Attack your debts using Dave Ramsey’s debt snowball. List your debts from smallest to largest balance. Now, some of you will say that it makes more sense to pay off the debts with the highest interest rates first. That may make sense mathematically, but here’s the deal. If we were really doing math, we wouldn’t be in debt, would we? Put minimum payments on everything but the smallest one, and pay that one off as quickly as you can. Remember in our first message I quoted Dave Ramsey, “Personal finance is 80% behavior; it’s only 20% head knowledge.” Taking care of these smaller debts quickly will give you a sense of victory – that you are making progress. If you’ve got 10 debts and it takes you a year to knock out the first one, you’ll likely never get to the remaining 9. Go for the quick wins. After you knock out the first debt on the list, you take all that money you were throwing on it and move to the next one. Every time you pay off a debt, you have more money to put toward the next one. That’s why it’s a snowball – as the snowball rolls over, it picks up more snow. By the time you’re a few debts down your list, that snowball is moving faster and faster and gets bigger and bigger. Before long, that snowball will roll over all your debts.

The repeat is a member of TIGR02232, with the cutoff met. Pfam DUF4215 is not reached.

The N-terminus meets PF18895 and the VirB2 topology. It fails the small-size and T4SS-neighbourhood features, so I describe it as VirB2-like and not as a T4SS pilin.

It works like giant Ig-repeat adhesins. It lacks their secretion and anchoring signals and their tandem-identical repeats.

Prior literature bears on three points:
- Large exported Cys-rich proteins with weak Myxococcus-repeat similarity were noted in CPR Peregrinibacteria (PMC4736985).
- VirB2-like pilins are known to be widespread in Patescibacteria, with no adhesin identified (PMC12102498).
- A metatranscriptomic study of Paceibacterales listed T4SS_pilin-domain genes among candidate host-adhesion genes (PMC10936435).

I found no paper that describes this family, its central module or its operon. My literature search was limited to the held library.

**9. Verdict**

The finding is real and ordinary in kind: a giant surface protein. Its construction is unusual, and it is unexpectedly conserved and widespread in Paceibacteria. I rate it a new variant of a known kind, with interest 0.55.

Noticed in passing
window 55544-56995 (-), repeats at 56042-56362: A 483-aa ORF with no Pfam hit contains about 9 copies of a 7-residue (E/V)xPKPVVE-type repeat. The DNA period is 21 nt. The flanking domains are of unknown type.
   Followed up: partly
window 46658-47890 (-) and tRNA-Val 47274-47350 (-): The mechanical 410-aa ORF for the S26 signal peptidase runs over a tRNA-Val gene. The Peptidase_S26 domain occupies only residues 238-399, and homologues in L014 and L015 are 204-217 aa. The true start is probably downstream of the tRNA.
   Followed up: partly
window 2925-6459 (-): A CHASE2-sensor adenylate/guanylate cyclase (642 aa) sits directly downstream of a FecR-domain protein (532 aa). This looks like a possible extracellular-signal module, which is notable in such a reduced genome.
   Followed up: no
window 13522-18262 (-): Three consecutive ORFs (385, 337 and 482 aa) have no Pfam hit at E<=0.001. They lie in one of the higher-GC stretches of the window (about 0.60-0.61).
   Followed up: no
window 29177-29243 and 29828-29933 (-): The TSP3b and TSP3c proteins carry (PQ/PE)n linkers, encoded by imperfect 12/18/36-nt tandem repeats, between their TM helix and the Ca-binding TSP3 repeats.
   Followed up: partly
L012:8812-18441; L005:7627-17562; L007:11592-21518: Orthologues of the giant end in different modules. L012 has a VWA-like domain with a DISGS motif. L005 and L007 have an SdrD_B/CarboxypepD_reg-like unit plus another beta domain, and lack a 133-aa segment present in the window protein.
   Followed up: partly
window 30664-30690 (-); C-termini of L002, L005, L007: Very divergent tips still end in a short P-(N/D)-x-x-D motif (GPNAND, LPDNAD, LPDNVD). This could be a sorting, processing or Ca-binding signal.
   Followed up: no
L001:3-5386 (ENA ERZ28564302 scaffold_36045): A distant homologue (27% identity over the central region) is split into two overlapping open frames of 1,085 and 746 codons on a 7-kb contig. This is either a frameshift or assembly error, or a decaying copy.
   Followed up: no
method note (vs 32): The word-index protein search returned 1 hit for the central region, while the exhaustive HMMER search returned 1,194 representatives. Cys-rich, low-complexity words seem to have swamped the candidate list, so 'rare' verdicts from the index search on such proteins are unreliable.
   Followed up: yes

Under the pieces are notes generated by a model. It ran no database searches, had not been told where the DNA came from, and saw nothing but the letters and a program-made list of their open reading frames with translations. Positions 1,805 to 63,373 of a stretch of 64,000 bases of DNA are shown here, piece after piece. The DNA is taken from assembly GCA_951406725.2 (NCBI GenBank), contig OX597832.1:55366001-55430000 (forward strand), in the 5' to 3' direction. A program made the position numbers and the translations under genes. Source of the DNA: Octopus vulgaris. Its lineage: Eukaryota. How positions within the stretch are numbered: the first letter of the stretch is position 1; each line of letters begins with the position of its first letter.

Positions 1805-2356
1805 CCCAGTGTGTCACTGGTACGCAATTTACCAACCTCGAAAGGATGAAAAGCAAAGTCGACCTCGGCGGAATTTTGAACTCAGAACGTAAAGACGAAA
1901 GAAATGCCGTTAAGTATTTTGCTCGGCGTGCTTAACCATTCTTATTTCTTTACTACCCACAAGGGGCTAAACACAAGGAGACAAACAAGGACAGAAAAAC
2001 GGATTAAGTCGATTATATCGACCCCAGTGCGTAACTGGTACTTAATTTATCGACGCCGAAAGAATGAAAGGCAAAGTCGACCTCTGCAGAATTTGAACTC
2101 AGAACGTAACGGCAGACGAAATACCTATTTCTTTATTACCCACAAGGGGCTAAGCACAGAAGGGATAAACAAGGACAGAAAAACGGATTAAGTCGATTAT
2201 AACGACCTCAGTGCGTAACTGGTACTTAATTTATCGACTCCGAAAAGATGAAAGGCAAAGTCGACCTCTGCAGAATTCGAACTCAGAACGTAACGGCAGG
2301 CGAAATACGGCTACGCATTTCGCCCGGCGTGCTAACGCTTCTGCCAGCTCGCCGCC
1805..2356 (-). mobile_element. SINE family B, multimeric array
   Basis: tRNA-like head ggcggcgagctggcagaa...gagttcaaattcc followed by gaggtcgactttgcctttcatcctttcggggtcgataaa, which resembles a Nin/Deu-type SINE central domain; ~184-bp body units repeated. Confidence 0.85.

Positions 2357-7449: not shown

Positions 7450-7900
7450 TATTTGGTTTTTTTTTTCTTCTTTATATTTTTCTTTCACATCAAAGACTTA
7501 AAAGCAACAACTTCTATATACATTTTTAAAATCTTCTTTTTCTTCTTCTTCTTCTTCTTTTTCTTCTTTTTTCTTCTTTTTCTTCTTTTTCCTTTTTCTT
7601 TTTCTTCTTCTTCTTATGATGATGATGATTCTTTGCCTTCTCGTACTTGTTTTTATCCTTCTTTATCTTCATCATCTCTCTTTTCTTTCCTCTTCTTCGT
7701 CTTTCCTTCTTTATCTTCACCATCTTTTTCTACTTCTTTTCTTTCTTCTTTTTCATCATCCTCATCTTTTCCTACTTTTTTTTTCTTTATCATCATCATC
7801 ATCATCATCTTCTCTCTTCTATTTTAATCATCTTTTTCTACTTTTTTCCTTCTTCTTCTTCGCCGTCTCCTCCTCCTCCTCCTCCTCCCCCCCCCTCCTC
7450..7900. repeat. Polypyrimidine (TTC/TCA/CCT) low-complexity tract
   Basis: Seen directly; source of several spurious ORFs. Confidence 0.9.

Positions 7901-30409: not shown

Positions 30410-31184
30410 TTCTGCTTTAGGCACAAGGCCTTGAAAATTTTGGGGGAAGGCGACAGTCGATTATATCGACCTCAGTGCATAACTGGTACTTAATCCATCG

Save money. Before you attack your debt snowball, save up $1,000 as an emergency fund. Remember this is your “Murphy repellent ” This is the buffer between you and life. If you don’t have any money in savings and your car breaks down while you’re paying off your debts, what do you think you’ll do? You’ll use your credit card. Don’t do it. Pro. 13:4 tells us, “The soul of the sluggard craves and gets nothing, but the soul of the diligent is made fat.” Be diligent with your effort and ask God to bless it. Don’t sit around belly aching to God about your finances. Get to work and ask God to get involved. It’s impossible for God to steer you when you’re not moving.

Gal. 5:1 says, “It was for freedom that Christ set us free; therefore keep standing firm and do not be subject again to a yoke of slavery.” Debt is slavery. You can’t get ahead financially by staying a slave to debt. How much could you give, save, and blow if you had no payments? What could the people of God do for the Kingdom of God if they were debt-free? I invite you to make that question a part of your prayer time this week, a part of your quiet time this week, a part of your devotion time this week, and see what God would have you to do. “What could the people of God do for the Kingdom of God if they were debt-free?”